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Honduran Faces Second Texas Execution of Foreign National This Week

A Honduran man who killed his former boss and wounded an employee was scheduled to be executed Thursday evening, which would make him the second foreign national executed in Texas this week.

Ramon Valladares, the Honduran consular assistance director, said from Tegucigalpa that his government was lobbying U.S. authorities to stop the execution.

Heliberto Chi was in the United States illegally at the time of the 2001 slaying. Lawyers for the Central American country said the fact that Chi was not permitted to contact anyone from his government after he was arrested in California and extradited to Texas was a violation of an international treaty.

The argument is similar to the one raised earlier this week by another condemned Texas prisoner, Mexican-born Jose Medellin, who was executed late Tuesday night for his part in a gruesome gang rape-slayings of two teenage Houston girls 15 years ago.

Unlike Medellin, however, Chi was not among some 50 death row inmates around the country — all Mexican born — who the International Court of Justice ruled should get new hearings in U.S. courts to determine whether the 1963 Vienna Convention treaty was violated during their arrests. That ruling was prompted by Mexico suing the United States in the world court in 2003.

While Medellin's case was being considered Tuesday by the U.S. Supreme Court, a judge in Texas refused a request from Chi's lawyer to withdraw Chi's execution date until legislation formalizing procedures for reviews of capital cases involving foreign nationals becomes law.

An appeal seeking to halt the execution, which would be the sixth this year in Texas, was turned down Thursday by Texas' highest criminal court. His lawyers then filed an appeal to the U.S. Supreme Court.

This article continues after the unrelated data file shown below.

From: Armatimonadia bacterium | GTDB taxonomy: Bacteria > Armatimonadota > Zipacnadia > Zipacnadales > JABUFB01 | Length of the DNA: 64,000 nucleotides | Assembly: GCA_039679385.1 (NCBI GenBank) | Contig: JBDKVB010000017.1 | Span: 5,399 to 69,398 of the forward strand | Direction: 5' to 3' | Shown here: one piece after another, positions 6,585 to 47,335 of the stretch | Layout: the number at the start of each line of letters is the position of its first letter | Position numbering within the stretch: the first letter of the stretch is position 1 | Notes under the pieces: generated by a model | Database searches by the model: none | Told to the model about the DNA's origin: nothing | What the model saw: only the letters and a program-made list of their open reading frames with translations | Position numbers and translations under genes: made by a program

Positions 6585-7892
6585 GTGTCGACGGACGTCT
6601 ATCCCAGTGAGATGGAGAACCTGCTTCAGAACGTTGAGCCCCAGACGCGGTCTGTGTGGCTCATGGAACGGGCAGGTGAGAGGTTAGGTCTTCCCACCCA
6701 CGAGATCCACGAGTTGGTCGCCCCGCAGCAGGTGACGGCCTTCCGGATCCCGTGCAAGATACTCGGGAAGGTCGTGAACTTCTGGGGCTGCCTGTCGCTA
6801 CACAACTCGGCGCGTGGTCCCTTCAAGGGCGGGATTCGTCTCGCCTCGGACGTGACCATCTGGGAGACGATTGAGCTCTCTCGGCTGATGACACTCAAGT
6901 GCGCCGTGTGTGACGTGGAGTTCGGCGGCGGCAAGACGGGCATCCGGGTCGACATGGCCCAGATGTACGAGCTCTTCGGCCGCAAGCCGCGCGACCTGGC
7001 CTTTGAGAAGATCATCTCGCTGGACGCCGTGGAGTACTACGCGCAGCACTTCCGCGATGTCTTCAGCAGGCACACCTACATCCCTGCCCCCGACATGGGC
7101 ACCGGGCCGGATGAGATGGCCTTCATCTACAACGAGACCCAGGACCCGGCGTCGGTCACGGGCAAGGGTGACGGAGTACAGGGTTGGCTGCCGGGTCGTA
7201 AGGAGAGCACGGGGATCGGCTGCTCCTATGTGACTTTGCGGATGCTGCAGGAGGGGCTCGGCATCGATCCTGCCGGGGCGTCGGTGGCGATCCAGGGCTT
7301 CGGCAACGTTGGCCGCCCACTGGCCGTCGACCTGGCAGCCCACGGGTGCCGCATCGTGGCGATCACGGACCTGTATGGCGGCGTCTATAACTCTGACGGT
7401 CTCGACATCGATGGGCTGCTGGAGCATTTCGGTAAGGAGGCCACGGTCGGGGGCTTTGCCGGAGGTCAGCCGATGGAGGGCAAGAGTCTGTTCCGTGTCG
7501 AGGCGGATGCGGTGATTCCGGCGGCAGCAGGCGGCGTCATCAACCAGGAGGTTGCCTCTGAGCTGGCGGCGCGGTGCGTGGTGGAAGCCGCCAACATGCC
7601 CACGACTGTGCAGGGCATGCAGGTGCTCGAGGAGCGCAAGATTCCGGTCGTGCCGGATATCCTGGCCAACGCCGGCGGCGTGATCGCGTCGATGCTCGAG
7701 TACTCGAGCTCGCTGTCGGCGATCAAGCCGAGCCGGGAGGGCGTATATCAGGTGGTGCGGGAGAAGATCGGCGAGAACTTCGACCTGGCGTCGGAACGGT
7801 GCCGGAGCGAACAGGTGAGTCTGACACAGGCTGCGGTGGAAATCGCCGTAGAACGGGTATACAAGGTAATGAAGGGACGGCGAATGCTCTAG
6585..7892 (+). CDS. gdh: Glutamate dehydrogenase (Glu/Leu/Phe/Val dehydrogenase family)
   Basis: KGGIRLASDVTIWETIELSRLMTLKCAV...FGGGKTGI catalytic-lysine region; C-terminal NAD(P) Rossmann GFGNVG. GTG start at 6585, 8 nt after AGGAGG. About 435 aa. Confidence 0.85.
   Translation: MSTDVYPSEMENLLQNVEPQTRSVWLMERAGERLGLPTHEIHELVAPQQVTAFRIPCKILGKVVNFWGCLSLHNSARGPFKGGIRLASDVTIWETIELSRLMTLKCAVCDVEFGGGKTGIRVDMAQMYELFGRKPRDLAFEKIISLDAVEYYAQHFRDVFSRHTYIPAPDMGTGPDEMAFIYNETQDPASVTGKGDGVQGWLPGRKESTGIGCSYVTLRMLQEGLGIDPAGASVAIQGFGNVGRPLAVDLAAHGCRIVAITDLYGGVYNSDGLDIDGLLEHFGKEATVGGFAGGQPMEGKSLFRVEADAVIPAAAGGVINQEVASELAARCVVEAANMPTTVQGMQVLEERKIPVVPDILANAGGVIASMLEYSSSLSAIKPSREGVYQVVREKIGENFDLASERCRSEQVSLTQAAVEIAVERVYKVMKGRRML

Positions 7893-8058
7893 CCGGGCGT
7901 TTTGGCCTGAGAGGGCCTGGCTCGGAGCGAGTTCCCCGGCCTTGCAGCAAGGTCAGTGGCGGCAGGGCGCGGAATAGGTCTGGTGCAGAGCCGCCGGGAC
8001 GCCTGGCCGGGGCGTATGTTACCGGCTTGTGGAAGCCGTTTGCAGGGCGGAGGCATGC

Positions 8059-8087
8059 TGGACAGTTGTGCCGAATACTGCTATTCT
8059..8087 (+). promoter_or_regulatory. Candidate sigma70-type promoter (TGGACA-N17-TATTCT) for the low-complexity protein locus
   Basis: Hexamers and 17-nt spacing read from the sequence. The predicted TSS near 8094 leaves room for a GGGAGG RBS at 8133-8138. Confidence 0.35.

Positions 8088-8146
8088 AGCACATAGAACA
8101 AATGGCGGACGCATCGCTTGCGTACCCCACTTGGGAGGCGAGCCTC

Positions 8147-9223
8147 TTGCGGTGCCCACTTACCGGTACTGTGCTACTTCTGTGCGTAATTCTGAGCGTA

Chi, 29, was spared the death chamber last September when the Texas Court of Criminal Appeals stopped his scheduled punishment after the Supreme Court agreed to consider whether lethal injection procedures were unconstitutionally cruel. His date was reset for Thursday when the court earlier this year upheld the method as proper.

Chi said little about his crime in an interview with The Associated Press shortly before his execution date last year.

"My situation is not about being innocent or guilty," he said. "My rights were violated. I'm a Christian. I know about the Lord. If it's the Lord's will, things happen. I have great peace in my mind and soul."

Chi was convicted of murdering his former boss, Armand Paliotta, at a men's clothing store in suburban Dallas where he had once worked as a tailor. Paliotta let him in one night when Chi showed up saying he had left his wallet behind when he visited the store earlier in the day.

Then Chi pulled a gun.

By the time he fled with a money bag, Paliotta was dead and another employee was wounded. A third employee, an assistant manager, hid beneath a rack of clothes, called police and left the phone line open. Chi's voice was captured on tape as he hunted for the hiding assistant manager, urging her in Spanish to "Come to the front" of the store.

He jumped into a waiting car as police were en route. The tape was played at Chi's trial.

"Not only was there eyewitness testimony, but that assistant manager got out a 911 call, and you could hear Chi in the background on the phone," said Mick Meyer, who prosecuted Chi. "It was pretty solid evidence right there."

Witnesses said Paliotta, 56, was shot and killed when he shoved the gun-wielding Chi and started to run. An 18-year-old store employee also tried to run and was shot. He recovered and testify against Chi.

Chi was arrested in Reseda, California, northwest of Los Angeles, about six weeks after the robbery and shootings when his 18-year-old pregnant girlfriend turned him for assaulting her. The couple had been on the run for 43 days, crisscrossing the country from Iowa to Minnesota to West Virginia and eventually to California. Authorities said at the time of the arrest that they had planned to flee to Honduras.

"He was identified by survivors, he had fled Texas, which is not particularly helpful," Bill Harris, who was one of Chi's trial lawyers, said. "He never was willing to acknowledge he committed the crime. We really didn't have evidence to put on."

Four other prisoners are set to die this month, including two more next week. They're among at least 15 Texas inmates with execution dates in the coming months.